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Delegate Samirah’s proposal is similar to others enacted in 2019. Last year, Oregon became the first state to ban single-family-only zoning at the state level when it passed H.B. 2001. Whereas Virginia’s H.B. 152 applies to every jurisdiction in the state without exceptions or carveouts, H.B. 2001 focuses on larger cities or those located within urban growth boundaries. In the state to the north, Washington passed H.B. 1923, which provides cities incentives to build more densely and reduce regulatory barriers to housing. In the Midwest, Minneapolis’s 2040 plan is converting a community dominated by single-family zoning into one that allows triplexes citywide. And across the Potomac River from Delegate Samirah’s Northern Virginia district, wealthy suburban Montgomery County, Maryland voted unanimously to legalize ADUs.
In justifying the need for H.B. 152, Delegate Samirah observed “Localities have had, and continue to have, the power to legalize duplexes in their own jurisdictions. They haven’t. That’s why arguments that say ‘let’s leave it to localities to decide’ are often just arguments against new housing.”
Too often the underlying motivation for restrictive zoning codes and complex approval processes is to prevent the development of multifamily and particularly affordable housing. While few would argue that local governments should be removed from the process – indeed, Delegate Samirah’s bill does not tackle other zoning regulations like siting and design – it is also true that they can often be the entities most responsible for preventing a community from reaching its housing goals. H.B. 152 is an important step to boost supply in the areas that need it most while preserving control of most zoning decisions for local governments.
There’s a lesson from Virginia beyond housing reforms making their way to the East Coast. Building the homes needed to get the country out of its severe housing shortage – and thus, improve broad housing affordability – will require a host of policies at all levels of government. Curtailing exclusively single-family-only zoning. Expanding funding for affordable housing. Boosting transit-oriented development. Rehabilitating older homes and distressed neighborhoods. All are important, but none can be accomplished by any one level of government alone.
And, as Delegate Samirah alludes, enacting housing policy reforms will occasionally need a nudge or collaboration from the state.
H.B. 2001 in Oregon became law after Portland tried (and ultimately failed) for years to pass modest zoning reform at the city level. Oregon House Speaker Tina Kotek, who was the architect of H.B. 2001, told us, “House Bill 2001 was about allowing more housing choice and stimulating more housing types across Oregon. This law will be a key component for Oregon to address a statewide housing supply deficit.”
In Washington, H.B. 1923 sponsor Representative Joe Fitzgibbon is pleasantly surprised by how many cities have embraced the goals of H.B. 1923. He hopes to build on the bill’s success in the upcoming 2020 legislative session.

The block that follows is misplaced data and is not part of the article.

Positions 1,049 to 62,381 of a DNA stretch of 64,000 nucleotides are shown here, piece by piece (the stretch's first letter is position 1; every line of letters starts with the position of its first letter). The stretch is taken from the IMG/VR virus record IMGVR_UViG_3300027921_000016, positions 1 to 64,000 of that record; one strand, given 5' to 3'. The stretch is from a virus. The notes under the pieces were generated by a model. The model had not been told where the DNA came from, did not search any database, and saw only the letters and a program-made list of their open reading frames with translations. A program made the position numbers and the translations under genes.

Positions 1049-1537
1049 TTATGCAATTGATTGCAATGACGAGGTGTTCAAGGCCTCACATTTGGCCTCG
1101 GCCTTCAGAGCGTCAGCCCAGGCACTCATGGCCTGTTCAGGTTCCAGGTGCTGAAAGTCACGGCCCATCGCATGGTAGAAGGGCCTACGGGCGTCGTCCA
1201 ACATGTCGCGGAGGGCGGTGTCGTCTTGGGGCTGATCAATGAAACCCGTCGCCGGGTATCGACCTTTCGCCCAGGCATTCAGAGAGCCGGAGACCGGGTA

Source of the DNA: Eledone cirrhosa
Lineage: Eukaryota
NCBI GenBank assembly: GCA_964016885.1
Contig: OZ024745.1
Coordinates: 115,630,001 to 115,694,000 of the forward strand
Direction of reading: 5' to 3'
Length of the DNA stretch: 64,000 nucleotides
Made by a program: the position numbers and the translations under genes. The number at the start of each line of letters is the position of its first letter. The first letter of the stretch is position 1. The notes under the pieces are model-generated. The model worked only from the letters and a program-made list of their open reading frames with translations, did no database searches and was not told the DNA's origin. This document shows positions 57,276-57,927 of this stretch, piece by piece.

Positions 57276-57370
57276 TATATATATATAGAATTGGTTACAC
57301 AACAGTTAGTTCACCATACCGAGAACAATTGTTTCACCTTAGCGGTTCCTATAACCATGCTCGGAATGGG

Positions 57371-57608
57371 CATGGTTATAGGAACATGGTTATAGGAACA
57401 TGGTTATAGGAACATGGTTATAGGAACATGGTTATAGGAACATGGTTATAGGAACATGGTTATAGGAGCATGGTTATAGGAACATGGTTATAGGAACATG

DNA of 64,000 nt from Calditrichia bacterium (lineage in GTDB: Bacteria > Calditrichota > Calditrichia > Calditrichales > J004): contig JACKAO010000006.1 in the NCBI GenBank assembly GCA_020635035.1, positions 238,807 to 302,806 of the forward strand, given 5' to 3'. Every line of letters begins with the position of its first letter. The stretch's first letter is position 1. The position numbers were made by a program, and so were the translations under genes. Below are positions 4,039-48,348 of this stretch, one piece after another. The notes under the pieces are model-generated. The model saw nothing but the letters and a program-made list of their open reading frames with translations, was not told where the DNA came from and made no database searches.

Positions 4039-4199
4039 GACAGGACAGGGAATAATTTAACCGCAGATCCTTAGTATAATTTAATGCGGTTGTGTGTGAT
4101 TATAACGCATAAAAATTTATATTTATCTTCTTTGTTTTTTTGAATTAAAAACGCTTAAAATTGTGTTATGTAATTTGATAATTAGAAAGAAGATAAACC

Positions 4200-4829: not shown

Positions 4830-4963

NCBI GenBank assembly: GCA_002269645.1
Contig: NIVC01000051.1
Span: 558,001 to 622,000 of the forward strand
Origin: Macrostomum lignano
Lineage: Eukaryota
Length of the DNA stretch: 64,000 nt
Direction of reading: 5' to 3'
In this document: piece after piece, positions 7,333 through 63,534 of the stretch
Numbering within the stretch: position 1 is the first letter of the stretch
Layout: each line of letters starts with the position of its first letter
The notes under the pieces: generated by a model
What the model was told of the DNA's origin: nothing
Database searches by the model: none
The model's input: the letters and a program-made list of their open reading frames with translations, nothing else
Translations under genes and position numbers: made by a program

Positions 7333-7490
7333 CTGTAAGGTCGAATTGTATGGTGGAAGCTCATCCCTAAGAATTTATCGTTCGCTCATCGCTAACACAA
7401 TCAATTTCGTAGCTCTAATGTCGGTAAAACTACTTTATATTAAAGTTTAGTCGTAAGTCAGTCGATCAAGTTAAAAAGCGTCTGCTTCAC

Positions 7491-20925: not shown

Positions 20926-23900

“Over 50 cities have taken actions to allow more homes to be built, including by authorizing accessory dwelling units in more places, upzoning around transit stations, and pursuing housing action plans,” Fitzgibbon explained to us. “This experience shows that H.B. 1923’s approach blending fiscal incentives with safe harbor from appeals under state land use laws can have a positive effect on addressing the housing shortage.”
In a piece about the political implications of Delegate Samirah’s bill and its place among the broader YIMBY movement, Matthew Yglesias notes that two Up for Growth-backed bills are positive examples of nascent federal action on zoning reforms. The YIMBY Act and the Build More Housing Near Transit Act would give the federal government a constructive role to play in the conversation about how and where we build the housing needed for the country’s future prosperity. As Yglesias observes, these bills have the important distinction of being bipartisan. Given that changing our approach to housing can bring out bipartisan opposition (and support), starting with a cross-party appeal improves the odds of passage in a very divided Congress.
Indeed, while most of the reforms discussed in this article were proposed by Democrats (though many have bipartisan support), there’s much for conservative Republicans to like about proposals that enable the housing market to meet consumer demand. As Ed Pinto, the Housing Director at the conservative American Enterprise Institute shared with Up for Growth, “Returning to the level of Light-Touch Density (2, 3, and 4 units, including accessory dwelling units, and row houses) prevalent in the 1940s and 1950s in single-family areas would potentially result in 12.5 million more units [nationwide], thereby yielding a 10% increase in total units with minimal infrastructure cost.”
The introduction of zoning reform in the Virginia legislature is a good sign that the success on housing reform seen in 2019 will continue in 2020. However, the degree of success will depend in large part on the willingness of all levels of government to accept that we have a shortage of housing, and their steadfast commitment to do something about its root causes.